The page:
Describing her 2,000-square-mile district in Polk County, Fla., Superintendent Sherrie Nickell says the district is “larger than some states!” Located in the heart of central Florida, the county is known for pristine lakes and aromatic citrus groves that sit between the vacation hotspots of Tampa and Orlando. But in Polk County Public Schools, it’s all business, all the time.

There is some skepticism regarding the effectiveness of School Improvement Grants (SIGs) on the part of those districts that are not eligible to receive them, according to a new study released in November by the Center on Education Policy (CEP). SIGs are competitive grants awarded by the U.S. Department of Education to districts identified as persistently lowest achieving, a designation that applies to 15 percent of the nation’s districts. Based on the survey results, only 16 percent of ineligible districts felt the grants have been effective.

States have until Oct. 19 to submit applications for the Race to the Top-Early Learning Challenge, a competitive grant program to prepare more children, including those from low-income families, for kindergarten. The U.S. Department of Education and the Department of Health and Human Services are investing $500 million in early learning. "Investing in the health and educational development of our youngest children is critical to ensuring America's long-term strength and competitiveness," says Secretary of Health and Human Services Kathleen Sebelius.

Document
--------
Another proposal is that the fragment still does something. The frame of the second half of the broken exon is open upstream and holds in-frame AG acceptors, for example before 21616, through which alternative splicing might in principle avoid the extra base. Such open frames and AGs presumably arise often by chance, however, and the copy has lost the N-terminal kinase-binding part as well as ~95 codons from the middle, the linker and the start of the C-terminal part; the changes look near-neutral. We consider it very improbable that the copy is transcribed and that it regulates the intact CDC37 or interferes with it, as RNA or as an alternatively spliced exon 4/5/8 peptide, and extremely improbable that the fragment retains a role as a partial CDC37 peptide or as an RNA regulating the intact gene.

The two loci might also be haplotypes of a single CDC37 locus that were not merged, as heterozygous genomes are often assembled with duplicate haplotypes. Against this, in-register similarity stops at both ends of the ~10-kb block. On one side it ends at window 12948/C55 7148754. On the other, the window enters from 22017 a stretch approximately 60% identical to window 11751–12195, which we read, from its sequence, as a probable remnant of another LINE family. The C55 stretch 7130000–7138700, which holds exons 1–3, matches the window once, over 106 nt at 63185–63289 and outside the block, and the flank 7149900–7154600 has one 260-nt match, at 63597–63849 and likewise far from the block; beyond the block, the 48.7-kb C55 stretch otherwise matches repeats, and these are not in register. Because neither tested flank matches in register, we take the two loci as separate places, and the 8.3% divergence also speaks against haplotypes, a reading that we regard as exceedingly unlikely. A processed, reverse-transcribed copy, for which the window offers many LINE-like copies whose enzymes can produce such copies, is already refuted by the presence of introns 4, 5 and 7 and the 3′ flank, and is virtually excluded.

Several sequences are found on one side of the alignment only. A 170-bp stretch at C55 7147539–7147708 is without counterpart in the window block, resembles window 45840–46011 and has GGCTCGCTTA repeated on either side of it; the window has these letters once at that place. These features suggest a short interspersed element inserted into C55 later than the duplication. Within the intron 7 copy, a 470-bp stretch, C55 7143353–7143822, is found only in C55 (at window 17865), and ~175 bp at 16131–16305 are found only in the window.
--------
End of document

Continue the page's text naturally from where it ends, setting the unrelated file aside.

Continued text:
Mobile learning is on the rise, and consequently, so is the need for mobile connectivity. According to a 2010 survey of E-rate consumers, including public schools and libraries, conducted by the Federal Communications Commission (FCC), 50 percent of respondents said they plan to implement or expand the use of digital textbooks and other wireless devices.

The Universal Service Administration Company (USAC) officially announced to the FCC on July 13 that it has identified additional monies to fund FY 2010 E-rate Priority 2 (internal connections and basic maintenance of internal connections) requests at the 80 percent discount level. Schools and libraries that are entitled to 80 percent E-rate discounts serve some of the country's most financially strapped communities.

teacher with students

This summer, the U.S. Department of Education has teamed up with the Department of Health and Human Services to invest in early childhood learning. Under the DOE's signature competitive grant program, Race to the Top, states can earn money to create robust, coordinated programs to close the school readiness gap and, in turn, reduce crime and strengthen the national economy. Secretary of Education Arne Duncan and Secretary of Health and Human Services Kathleen Sebelius announced the $500 million grant on May 25 and accepted public feedback on its criteria through July 11.

The Obama administration has grand hopes for turning around the nation's lowest-performing schools, in part by allocating $3.5 billion for School Improvement Grants. Unfortunately, there simply aren't enough qualified principals to replace those mandated to be fired under two of the four school improvement models that the federal government says districts must follow to tap into that funding.